By Maria Riva, PhD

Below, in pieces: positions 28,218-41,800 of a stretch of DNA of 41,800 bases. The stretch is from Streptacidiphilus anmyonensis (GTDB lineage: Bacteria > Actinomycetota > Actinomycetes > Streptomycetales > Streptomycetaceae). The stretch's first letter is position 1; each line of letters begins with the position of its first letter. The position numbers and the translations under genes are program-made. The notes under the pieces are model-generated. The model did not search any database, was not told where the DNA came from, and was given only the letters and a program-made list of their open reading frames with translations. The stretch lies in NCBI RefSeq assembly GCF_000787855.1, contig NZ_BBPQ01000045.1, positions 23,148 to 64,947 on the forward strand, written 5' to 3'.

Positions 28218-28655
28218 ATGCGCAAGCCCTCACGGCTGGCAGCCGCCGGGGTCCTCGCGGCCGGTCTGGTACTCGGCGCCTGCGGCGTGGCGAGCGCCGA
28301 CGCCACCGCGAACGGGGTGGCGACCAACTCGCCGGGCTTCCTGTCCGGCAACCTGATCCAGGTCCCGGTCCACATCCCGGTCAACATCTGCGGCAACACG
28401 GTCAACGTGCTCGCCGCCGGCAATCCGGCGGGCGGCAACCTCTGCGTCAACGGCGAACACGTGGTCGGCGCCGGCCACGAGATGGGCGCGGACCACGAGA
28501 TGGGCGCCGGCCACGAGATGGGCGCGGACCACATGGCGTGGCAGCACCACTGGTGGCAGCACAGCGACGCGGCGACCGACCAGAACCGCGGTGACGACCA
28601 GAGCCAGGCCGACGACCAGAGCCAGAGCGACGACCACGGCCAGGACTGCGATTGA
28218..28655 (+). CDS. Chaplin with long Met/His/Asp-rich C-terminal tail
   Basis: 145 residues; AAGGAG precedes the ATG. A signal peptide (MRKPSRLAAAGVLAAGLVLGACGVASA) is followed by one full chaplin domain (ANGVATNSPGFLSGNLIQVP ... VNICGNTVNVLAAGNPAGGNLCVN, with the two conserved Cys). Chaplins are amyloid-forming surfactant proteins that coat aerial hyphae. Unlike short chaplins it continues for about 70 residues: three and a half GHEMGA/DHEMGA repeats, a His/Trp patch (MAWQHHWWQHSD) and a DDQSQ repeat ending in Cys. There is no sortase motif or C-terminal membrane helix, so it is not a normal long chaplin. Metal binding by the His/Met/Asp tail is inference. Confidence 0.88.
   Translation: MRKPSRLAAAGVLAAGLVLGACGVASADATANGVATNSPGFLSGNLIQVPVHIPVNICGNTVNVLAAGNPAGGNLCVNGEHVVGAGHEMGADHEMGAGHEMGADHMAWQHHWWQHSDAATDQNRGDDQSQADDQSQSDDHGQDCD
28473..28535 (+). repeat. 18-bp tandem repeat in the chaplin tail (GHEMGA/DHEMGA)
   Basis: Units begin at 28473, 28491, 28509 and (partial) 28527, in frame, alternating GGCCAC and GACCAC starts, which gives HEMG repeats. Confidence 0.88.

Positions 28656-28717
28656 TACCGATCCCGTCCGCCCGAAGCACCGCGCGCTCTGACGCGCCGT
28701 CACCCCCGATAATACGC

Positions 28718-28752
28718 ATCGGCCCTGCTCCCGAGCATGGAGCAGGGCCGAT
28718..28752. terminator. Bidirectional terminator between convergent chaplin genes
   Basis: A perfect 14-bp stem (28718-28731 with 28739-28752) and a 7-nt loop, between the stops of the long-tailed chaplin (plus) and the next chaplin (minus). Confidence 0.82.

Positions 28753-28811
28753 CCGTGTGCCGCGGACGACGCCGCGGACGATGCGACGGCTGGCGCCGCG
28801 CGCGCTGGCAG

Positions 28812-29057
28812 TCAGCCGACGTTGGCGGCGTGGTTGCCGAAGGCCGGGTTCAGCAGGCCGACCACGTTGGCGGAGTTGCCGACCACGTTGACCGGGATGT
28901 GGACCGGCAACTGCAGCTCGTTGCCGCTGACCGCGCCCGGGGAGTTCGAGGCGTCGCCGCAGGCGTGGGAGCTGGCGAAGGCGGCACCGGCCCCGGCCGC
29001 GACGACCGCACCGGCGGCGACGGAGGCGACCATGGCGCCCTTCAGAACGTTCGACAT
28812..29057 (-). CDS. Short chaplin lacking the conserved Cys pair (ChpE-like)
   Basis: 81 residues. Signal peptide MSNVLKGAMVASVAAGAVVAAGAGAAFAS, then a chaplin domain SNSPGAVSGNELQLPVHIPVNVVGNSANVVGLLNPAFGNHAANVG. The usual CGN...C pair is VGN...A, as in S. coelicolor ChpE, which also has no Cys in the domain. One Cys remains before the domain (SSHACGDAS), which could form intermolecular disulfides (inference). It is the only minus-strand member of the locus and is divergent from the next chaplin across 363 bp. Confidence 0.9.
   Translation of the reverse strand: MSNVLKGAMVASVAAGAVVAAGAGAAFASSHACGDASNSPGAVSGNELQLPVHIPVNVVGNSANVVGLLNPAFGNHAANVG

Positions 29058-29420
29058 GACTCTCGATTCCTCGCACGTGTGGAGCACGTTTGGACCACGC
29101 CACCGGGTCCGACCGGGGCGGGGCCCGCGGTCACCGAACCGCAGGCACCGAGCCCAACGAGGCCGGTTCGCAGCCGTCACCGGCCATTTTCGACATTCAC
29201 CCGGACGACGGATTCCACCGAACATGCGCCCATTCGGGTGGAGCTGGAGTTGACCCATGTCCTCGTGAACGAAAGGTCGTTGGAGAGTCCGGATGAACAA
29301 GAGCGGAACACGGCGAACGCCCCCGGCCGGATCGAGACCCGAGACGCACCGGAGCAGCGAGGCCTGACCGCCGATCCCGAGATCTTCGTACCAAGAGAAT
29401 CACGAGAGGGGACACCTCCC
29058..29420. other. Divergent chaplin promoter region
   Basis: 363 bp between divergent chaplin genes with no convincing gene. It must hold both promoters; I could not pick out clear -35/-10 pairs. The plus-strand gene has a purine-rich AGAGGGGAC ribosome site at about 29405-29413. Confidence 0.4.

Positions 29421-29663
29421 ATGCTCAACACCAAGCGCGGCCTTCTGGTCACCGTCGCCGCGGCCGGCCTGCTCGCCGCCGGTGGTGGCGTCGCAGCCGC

Recently, I have been thinking a lot about the important role of the group facilitator and the enormous skill it takes to help a group and its members move forward, especially when that group and the membership are not really invested in changing, when the problems seem insurmountable, or making needed change seems much too frightening. Group leaders actually have to have special skills (I would have said special powers but it sounded too supernatural). For example, in everyday life, many people avoid conflict, yet effective group leaders need to be able to address difficult and sticky situations. In typical conversations, it is rare that people address the dynamics being acted out or use immediacy to respond to a situation. Yet group leaders often use these moments to help underscore an interaction that needs to be highlighted. Group leaders look for themes in the group discussion instead of responding to the content of each comment. In regular conversation, there is a tendency to stay on the content level. Competition is often present in everyday life situations. It is also a major consideration in groups, although group leaders do not attempt to escalate these competitions, going much more toward collaboration. Group, therefore, is often a microcosm of the world, yet it is the many ways that it is a different experience that allow for change. Recently, I have had the benefit of watching some very skillful leaders work with groups that had been described as intractable. To see the positive changes in these groups and their members has increased my awareness of the power of groups, keeps me excited about conducting groups, and energizes me to become a more effective leader.